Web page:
In anycase, the local government with jurisdiction over Boracay has scarcely put a stop to the mushrooming of more resorts. More resorts mean more revenues and who'd want to put a stop to that if you are a mayor?

What the mayor doesn't understand or refuses to understand is perhaps all the good that Boracay is right now, will eventually come to an abrupt halt if regulation is not enforced.

What will aid in the preservation of Boracay and continued profitability is adequate regulation, not by the local government, but by a Tourism industry big brother to be created by the Tourism Act of 2009. What the tourism big brother, or properly called the TIEZA (Tourism Industry Enterprise Zone Authority) will do is to develop and implement a Zone development plan with the tourism stakeholders and the local government. The zone development plan takes into account environmental conservation measures and the TIEZA is empowered to sanction those who violate these measures.

What this means is that Local Governments will be compelled to regulate the development of tourism businesses in their jurisdiction to prevent the over crowding of such establishments. This means better profits for the businesses and better revenues for the government and also, a longer life span for the tourism destination.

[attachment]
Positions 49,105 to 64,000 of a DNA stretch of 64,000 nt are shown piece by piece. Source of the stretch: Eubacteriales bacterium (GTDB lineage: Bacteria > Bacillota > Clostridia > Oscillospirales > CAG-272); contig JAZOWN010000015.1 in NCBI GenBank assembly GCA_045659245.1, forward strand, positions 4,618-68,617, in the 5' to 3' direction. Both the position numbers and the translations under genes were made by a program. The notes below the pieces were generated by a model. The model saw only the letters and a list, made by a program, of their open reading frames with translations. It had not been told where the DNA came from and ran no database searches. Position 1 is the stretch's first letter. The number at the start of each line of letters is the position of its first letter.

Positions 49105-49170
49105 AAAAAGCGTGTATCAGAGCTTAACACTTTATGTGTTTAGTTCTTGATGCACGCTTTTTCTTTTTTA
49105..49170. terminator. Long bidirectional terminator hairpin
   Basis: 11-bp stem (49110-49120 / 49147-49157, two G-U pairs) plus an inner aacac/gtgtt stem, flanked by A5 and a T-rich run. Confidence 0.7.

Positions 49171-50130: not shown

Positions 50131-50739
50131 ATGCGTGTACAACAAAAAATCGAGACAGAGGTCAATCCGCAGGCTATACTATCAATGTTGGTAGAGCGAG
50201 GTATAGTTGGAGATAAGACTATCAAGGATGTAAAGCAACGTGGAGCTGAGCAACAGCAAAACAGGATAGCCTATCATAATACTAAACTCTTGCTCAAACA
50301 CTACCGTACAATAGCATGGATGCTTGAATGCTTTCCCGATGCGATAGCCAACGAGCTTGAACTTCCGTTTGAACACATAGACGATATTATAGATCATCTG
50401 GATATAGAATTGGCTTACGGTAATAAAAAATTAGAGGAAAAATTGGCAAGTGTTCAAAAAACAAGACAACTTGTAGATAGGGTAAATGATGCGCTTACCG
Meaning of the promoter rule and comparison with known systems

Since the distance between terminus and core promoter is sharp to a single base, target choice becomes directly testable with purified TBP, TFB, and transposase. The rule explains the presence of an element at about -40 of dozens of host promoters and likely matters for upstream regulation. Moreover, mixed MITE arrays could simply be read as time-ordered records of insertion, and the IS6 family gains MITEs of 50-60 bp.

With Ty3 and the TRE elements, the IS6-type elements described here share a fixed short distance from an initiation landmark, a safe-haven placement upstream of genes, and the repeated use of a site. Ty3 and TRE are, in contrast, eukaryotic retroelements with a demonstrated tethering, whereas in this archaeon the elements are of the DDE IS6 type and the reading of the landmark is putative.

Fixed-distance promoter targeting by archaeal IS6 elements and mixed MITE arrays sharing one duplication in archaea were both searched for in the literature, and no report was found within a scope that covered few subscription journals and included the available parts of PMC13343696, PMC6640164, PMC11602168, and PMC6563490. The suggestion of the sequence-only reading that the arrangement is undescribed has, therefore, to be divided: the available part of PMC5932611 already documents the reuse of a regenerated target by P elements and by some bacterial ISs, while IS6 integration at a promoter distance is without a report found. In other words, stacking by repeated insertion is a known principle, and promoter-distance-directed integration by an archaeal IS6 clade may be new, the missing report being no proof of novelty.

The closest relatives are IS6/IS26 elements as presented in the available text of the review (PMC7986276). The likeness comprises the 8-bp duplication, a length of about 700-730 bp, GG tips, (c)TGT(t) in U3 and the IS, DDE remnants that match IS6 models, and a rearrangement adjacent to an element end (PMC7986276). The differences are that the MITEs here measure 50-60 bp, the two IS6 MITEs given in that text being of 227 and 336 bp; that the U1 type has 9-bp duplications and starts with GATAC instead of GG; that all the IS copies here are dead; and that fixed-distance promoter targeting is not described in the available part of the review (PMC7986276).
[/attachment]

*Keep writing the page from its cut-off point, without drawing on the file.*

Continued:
elmot said...

i love boracay---before. now it seems to me like a big mall or theme park.

that is why my new fav is bohol and caramoan.

this is a good news. i and just happy that they are now making new effort to save bora and restore it to former beauty; and stop the invasion of algae, ehehe

Admin said...

thanks for commenting Elmot.

Will be linking up to your blog.

Ella said...

That's good news! Good content and this entry is very informative. Know more about hotels and resorts in Boracay, please visit www.hotelsboracay.com.ph

Ella said...

That's good news! Good content and this entry is very informative. Know more about hotels and resorts in Boracay, please visit www.hotelsboracay.com.ph